Chidambaram hits back, says don’t play politics over IPL | cricket | Hindustan Times
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Chidambaram hits back, says don’t play politics over IPL

cricket Updated: Mar 24, 2009 02:00 IST
Aloke Tikku
Aloke Tikku
Hindustan Times
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Union Home Minister P Chidambaram on Monday dismissed "unwarranted" criticism of the government's security concerns about the IPL, telling organisers to respect state governments’ judgement and the opposition to stop playing politics over it.

But Chidambaram, who sought to silence his detractors after the IPL announced on Sunday of its decision to shift the matches abroad, reserved his harshest comments for Gujarat chief minister Narendra Modi who had made the "most provocative comment" that holding the IPL matches abroad a "national shame".

"What is a national shame? Most people in India think that the Gujarat communal riots of 2002 were a national shame," Chidambaram said, reading out from a three-page statement that made it clear that the political slugfest over the IPL would continue through the election season.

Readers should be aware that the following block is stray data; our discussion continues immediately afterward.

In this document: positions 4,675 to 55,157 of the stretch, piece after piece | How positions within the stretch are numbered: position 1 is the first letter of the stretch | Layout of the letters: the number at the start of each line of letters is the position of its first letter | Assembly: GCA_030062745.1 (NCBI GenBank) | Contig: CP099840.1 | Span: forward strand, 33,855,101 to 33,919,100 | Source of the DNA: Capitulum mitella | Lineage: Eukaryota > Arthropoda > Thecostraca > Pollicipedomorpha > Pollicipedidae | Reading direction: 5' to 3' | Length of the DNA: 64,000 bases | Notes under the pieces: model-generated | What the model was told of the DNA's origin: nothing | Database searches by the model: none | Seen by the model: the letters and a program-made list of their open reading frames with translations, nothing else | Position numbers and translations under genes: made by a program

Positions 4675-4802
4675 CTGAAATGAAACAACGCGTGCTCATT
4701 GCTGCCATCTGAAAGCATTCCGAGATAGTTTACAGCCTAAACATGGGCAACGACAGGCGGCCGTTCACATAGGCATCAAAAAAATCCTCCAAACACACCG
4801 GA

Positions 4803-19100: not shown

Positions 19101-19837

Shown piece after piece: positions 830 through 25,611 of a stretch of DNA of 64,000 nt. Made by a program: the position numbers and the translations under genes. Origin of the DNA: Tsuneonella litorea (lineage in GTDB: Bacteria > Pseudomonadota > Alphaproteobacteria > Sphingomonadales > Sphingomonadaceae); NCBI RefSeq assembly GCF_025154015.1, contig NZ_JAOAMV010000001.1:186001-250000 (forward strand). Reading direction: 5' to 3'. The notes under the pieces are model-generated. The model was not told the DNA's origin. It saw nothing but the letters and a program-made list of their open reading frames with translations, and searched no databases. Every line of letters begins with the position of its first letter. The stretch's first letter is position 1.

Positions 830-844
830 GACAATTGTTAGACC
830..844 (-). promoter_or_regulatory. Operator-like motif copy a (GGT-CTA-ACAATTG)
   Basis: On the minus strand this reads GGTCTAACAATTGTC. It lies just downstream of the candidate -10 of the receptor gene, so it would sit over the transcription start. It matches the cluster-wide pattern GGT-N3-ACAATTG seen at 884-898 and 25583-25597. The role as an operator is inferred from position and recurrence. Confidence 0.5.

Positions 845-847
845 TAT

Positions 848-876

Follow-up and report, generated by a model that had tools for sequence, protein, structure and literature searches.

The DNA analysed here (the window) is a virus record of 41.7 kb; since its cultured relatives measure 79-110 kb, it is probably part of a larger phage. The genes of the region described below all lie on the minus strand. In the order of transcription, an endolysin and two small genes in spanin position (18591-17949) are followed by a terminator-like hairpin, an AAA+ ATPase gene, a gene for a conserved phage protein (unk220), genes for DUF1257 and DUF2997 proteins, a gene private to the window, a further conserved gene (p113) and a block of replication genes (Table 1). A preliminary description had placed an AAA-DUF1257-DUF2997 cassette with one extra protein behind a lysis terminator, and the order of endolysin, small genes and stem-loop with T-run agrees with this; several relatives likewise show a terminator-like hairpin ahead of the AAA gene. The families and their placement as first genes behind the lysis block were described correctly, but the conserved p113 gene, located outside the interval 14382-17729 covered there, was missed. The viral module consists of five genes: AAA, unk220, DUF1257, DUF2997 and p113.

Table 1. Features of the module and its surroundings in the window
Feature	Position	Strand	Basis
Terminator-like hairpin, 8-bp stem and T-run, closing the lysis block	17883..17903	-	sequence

The first indicator came early in the day. BJP general secretary Arun Jaitley said the IPL's decision to shift the matches abroad gave an impression that India, like Pakistan, had become an unsafe sporting venue.

Chidambaram was quick to hit back, saying Jaitley, who also wears the cap of the president of Delhi District Cricket Association, was known to exaggerate but this time had gone overboard.

"Perhaps he has forgotten that several leaders of the NDA have also expressed the view that the schedule of the IPL should be postponed until after the elections," he said, pointing that even Karnataka — a BJP ruled state — agreed to allow the matches only after the IPL agreed to slot matches after elections in the state.

“Chief Ministers are not backroom wizards; they have to take frontline responsibility for providing security. The central government has to respect their judgment,” he said.

Chidambaram said only Andhra Pradesh, Karnataka, Punjab and Chandigarh had responded. Chidambaram, who had dropped hints that the organisers too hadn't played straight through the past three weeks, also made it clear that IPL wasn't just about a game but big bucks too.

“It appears that IPL is more than a game. It is a shrewd combination of sport and business. There is no reason to add politics to this combination,” he said.